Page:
xx Libby
    https://premedwearspearls.blogspot.com

    2.19.19 · Reply
  14. Monica said:

    Love this post, such a good reminder to be grateful for the blessings we have in our lives! I particularly love that you gave concrete tools and tips to combat and reduce our FOMO and feelings of inadequacy. I will definitely be implementing a few in my life when it comes to social media.
    I also want to let you know I think you are a wonderful writer, I am always so impressed with your blog posts. Your more serious posts are always thoroughly researched, planned and well written! Kudos!!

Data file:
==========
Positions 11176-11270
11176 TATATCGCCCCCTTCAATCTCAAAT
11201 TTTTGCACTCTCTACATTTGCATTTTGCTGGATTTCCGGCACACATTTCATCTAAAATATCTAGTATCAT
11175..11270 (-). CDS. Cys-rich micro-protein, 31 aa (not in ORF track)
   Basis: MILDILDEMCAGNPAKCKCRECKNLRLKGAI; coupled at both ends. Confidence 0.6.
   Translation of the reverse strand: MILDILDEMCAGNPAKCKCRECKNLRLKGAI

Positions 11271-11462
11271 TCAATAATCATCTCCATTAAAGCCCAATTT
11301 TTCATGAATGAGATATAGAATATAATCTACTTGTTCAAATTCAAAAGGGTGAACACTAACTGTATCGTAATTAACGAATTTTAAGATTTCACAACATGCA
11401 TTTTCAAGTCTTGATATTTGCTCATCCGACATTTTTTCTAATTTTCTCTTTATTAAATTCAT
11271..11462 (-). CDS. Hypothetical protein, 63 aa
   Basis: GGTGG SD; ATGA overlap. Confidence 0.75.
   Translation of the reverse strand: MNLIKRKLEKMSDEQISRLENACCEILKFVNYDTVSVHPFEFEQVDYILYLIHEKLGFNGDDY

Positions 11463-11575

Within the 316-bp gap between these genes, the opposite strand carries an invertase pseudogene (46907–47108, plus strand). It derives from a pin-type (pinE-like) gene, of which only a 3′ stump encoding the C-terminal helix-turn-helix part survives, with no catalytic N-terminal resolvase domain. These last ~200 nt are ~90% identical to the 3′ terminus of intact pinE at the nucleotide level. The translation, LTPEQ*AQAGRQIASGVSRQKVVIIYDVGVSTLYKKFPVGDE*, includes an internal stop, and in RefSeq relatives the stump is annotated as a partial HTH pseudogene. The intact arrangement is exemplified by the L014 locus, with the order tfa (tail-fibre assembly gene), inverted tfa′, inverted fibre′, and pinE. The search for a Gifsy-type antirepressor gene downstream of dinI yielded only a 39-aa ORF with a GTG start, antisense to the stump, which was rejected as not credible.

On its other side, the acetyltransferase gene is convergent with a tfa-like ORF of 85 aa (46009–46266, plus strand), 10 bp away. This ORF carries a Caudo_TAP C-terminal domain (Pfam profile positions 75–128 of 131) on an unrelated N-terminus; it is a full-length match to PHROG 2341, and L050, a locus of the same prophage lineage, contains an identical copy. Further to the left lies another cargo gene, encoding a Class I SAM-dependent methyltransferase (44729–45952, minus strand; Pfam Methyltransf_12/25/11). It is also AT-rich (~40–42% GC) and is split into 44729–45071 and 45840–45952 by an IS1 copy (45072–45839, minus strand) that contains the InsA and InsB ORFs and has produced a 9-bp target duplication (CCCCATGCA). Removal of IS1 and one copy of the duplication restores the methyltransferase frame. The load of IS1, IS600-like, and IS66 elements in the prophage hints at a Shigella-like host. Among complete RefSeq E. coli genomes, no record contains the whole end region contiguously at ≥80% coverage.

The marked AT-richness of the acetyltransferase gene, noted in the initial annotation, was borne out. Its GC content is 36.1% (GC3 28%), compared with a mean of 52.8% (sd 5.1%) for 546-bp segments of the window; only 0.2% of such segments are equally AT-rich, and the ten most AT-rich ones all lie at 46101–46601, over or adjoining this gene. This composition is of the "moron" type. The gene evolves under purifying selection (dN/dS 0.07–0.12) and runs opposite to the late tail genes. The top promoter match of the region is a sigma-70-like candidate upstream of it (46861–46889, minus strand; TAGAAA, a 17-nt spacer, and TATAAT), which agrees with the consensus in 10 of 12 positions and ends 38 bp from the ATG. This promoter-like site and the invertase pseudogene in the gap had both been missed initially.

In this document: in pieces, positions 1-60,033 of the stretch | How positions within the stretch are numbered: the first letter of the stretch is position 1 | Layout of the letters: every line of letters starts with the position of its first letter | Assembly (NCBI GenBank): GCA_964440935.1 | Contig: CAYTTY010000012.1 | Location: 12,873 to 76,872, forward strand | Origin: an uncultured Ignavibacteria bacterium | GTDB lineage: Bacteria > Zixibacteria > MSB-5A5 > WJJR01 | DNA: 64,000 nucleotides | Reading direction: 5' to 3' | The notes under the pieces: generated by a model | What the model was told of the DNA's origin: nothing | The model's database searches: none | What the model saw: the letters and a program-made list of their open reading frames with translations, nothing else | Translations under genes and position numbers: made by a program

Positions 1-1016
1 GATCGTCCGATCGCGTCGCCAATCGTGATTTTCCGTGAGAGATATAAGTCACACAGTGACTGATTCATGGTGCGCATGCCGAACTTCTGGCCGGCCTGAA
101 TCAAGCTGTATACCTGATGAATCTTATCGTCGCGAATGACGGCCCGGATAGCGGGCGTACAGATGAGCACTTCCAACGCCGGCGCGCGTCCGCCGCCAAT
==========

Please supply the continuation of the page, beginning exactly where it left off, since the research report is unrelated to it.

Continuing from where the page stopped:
2.19.19 · Reply
    • Julia said:

      Thank you so much, Monica. That means the world to me! And so happy you’ll be trying out some of these tips.

      2.19.19 · Reply
  15. Liz said:

    IG has been my ‘achilles heel’ for too long. Last year I tried to go cold turkey and that DID NOT work out. This year I took a different approach and decided that I was no longer allowed to tap the “Explore” button. Such a simple little thing has helped SO much and I feel compelled to share it here so that maybe someone else can leverage this trick to help their habit. I can still use IG but I only follow people I know (plus a few others) and I have yet to find myself in the black hole of endless scrolling and comparison. Hopefully one day I will feel secure enough to delete it entirely. Little by little!

    2.21.19 · Reply